AMHERST, Elizabeth (c 1735-1776) nee Patterson. Portrait miniature in pencil and light colour wash (discoloured in field) on card or paper of a lady wearing an indoor bonnet, mounted in a contemporary black wood frame (115 x 130 mm) with a gilt brass oval surround, the reverse with an integral hanging loop and bearing a card with an old ink inscription reading “Mrs Amherst. The Lady of Lieu: Genl. William Amherst. Brother to the Right Honble Lord Amherst. O:H:fct. 1770”.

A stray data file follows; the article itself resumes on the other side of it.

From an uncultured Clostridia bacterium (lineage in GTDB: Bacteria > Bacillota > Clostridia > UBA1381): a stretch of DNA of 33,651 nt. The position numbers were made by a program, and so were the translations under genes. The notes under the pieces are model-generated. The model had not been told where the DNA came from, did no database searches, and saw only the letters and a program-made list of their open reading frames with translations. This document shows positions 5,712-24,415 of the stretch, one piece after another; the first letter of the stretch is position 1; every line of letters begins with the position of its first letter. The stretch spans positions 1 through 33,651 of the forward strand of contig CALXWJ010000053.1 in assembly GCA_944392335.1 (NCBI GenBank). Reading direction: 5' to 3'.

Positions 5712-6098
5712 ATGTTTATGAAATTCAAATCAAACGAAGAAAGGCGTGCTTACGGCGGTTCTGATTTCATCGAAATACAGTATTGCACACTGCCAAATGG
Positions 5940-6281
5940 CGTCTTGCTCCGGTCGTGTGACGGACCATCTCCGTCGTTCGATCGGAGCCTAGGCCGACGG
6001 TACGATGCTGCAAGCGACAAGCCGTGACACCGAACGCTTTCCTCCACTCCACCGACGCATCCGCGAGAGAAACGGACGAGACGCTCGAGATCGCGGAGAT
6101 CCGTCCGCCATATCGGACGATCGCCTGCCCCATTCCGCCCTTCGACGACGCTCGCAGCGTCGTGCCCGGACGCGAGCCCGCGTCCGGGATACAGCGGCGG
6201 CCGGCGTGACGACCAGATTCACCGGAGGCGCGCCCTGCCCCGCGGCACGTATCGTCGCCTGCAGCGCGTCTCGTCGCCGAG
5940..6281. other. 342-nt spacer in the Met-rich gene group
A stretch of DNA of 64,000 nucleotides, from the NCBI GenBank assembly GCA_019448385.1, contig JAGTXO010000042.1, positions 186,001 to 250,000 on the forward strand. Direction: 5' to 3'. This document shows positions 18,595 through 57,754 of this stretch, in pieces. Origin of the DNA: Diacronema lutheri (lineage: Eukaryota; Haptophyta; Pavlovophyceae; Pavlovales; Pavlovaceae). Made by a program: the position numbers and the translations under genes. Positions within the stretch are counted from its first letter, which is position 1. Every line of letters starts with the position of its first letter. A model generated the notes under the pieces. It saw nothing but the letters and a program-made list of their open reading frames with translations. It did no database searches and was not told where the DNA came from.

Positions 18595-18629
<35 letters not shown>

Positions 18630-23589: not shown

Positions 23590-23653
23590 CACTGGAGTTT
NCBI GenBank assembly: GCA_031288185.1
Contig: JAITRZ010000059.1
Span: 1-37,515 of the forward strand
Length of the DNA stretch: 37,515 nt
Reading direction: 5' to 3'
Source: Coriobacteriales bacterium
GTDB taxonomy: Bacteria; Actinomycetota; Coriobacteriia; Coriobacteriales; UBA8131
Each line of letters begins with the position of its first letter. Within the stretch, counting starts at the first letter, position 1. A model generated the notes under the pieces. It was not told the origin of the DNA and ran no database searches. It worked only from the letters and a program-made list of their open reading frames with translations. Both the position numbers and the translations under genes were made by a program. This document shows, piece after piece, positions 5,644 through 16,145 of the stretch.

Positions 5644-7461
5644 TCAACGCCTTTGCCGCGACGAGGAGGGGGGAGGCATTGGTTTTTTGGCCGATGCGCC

The sitter Mrs Elizabeth Amherst, was born Elizabeth Patterson in about1735, the daughter of Thomas and Elizabeth Patterson. In 1766 Elizabeth, "a celebrated London beauty", married Lieutenant General William Amherst (1732–1781), who during the Seven Years' War led British forces that defeated a French expedition to Newfoundland at the Battle of Signal Hill. Elizabeth inherited land at Ryde on the Isle of Wight, where in 1769 her husband William Amherst built a fine house named St John’s after his victory in Newfoundland. In the period 1768 to 1774 William was MP for Launceston, and was appointed Adjutant-General to the Forces in 1778. Elizabeth died in 1776, and with William’s death in 1781, their children William Pitt Amherst (later Earl Amherst, of Aracan) and his two sisters moved to Kent under the care of their uncle Jeffrey Amherst, first Baron Amherst (1717–1797). A portrait in oils of Elizabeth Amherst by Allan Ramsey is in the collection of the Mead Art Museum at Amherst College.